By Mallory Arnold
Technology is advancing at a rapid pace. Whether via iterative and incremental technological advances, or rapid disruptive new technologies, one thing is certain: even the latest technology can become obsolete in a matter of years or months. Changes in technology affect the way the Army fights adversaries and paces the threat.
But in addition to changing the way we fight, technology has also changed the way we buy. The rapid pace at which technology advances has been a driving force in acquisition reform. The Army is transforming from legacy acquisition to a technology driven process that aligns with Agile and iterative product/capability development. A recent example is the Army’s Tactical Network (TN). Project Manager TN has streamlined the process for developing and delivering tactical network capability. As one Capability Set (CS) is fielded (i.e. CS 21), development of the next CS (i.e. CS 23) is underway, and so on.
Additionally, we have seen an increase use in Cooperative Research and Development Agreements (CRADAs), Other Transaction Authorities (OTAs) and Consortia such as the Aviation & Missile Technology Consortium (AMTC), Consortium for Command, Control, and Communications in Cyberspace (C5), DoD Ordnance Technology Consortium (DOTC), Countering Weapons of Mass Destruction (CWMD), Sensors, Communications, and Electronics Consortium (SCEC) and several others.
Eventually all this technology needs to make it into the hands of our Soldiers via the Total Package Fielding (TPF) process. The act of fielding new technology to theaters of operation is prescribed by Army Regulation (AR) 700-142 Chapter 5, Section II and AR 700-127. Our ability to provide smooth and complete fielding to any unit is tied explicitly to our understanding and execution of the fielding process. Even within a prescribed process we can streamline, innovate and be agile. We think of fielding as a value chain. As we examine each step in the process, we can look for ways to economize and encourage agility. The following are some of the ways Amentum has added value to the TPF process and addressed common challenges to help deliver capability to the warfighter.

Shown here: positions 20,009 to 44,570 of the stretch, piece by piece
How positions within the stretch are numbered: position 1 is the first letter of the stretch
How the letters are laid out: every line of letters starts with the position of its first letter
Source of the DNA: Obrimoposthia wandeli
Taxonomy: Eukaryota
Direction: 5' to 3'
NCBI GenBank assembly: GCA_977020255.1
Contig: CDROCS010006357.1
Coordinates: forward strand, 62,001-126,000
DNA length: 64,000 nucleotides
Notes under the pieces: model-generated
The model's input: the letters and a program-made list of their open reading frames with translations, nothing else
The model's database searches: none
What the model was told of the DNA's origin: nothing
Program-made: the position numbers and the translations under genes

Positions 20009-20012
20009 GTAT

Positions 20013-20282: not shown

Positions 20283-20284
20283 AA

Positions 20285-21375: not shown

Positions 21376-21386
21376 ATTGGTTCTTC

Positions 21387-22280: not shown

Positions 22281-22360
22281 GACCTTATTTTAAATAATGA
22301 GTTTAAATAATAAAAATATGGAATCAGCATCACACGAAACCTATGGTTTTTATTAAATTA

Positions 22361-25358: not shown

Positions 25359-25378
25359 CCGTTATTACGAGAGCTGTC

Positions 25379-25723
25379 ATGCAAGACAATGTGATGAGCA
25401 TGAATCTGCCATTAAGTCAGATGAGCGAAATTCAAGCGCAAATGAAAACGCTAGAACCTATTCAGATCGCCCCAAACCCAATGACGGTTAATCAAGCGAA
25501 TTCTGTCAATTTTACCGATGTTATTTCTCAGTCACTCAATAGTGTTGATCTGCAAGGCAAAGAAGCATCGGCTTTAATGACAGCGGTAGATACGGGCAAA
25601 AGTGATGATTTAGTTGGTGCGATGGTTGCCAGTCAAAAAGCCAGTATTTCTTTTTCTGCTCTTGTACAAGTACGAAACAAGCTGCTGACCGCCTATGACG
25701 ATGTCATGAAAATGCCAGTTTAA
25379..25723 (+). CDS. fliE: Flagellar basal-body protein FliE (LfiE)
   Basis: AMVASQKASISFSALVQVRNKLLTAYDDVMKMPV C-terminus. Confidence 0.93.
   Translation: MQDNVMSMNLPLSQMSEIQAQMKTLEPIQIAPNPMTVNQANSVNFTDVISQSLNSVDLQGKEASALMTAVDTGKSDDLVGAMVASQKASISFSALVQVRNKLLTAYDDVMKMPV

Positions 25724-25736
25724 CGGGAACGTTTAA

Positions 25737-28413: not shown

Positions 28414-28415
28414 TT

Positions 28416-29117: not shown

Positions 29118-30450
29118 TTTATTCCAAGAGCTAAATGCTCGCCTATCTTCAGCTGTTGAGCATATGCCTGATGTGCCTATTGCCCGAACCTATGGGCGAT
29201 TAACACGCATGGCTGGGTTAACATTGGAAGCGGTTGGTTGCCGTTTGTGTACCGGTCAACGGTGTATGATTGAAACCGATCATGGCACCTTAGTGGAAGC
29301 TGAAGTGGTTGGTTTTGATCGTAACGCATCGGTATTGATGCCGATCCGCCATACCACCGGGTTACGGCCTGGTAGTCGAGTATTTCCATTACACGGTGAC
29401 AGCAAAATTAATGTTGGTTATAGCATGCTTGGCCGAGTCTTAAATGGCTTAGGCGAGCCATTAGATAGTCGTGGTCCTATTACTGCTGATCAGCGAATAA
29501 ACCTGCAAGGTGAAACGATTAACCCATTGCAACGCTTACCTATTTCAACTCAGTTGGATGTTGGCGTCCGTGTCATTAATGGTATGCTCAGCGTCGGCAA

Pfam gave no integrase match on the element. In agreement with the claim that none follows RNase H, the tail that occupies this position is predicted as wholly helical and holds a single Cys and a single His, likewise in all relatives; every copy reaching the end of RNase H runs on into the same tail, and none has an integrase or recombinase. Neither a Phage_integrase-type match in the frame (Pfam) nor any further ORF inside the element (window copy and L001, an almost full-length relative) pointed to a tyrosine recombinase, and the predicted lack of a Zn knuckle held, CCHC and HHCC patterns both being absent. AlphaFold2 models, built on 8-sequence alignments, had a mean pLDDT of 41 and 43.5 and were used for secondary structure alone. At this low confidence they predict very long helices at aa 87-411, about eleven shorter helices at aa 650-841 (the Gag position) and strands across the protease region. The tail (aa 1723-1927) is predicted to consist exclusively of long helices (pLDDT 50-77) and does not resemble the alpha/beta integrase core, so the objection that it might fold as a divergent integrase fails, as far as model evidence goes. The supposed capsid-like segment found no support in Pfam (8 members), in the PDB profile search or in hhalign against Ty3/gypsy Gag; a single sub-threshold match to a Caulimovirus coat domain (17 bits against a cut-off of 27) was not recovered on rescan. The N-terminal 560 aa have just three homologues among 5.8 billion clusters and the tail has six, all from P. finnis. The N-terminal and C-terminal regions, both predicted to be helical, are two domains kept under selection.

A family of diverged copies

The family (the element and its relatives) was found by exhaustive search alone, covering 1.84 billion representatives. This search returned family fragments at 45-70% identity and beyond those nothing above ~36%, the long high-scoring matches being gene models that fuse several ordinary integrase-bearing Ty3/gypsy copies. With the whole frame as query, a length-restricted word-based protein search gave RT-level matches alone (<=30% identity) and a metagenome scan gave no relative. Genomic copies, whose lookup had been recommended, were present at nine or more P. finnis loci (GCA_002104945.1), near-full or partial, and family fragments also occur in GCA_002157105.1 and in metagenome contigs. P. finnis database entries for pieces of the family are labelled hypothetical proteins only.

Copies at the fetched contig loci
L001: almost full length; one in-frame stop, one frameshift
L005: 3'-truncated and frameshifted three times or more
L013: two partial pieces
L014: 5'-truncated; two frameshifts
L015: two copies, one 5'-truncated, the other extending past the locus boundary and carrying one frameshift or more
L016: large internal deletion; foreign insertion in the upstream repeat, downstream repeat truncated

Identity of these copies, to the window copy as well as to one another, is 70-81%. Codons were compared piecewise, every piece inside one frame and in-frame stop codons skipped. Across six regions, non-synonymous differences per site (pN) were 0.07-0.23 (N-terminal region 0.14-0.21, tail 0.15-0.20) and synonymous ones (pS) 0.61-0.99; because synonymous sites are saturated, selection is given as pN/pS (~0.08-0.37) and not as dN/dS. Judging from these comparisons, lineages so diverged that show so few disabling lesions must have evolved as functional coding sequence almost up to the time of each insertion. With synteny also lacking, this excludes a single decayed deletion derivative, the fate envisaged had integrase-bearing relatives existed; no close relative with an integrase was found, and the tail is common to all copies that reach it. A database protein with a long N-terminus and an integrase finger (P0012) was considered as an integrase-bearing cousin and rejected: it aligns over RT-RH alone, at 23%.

Leverage Worldwide Footprint: Companies that support hundreds of sites across the Contiguous States and the District of Columbia (CONUS) and Outside the Continental United States (OCONUS) can leverage deployed resources such as logisticians and technicians where possible to reduce costs. This helps to align TPF with Army modernization initiatives while increasing staff utilization and lowering the cost of deployment.
Process Management: The key to success in fielding activities is derived from strict adherence to the process. We can break this down into Process-Oriented Tasks and Cost-Driven Tasks. All process-oriented tasks demand understanding of the critical path that creates success. Leveraging workflow management tools can help reduce costs by creating process efficiency. We use these tools to create automated workflows that, as an example, could gain approvals from customers faster or generate an audit to support billing. Cost-driven tasks include travel, inventory, and shipping. For example, one best value approach for a cost-driven task such as mission travel is to phase in personnel at the site based on participation in scheduled activities and travel to the next mission or returned to home station when complete.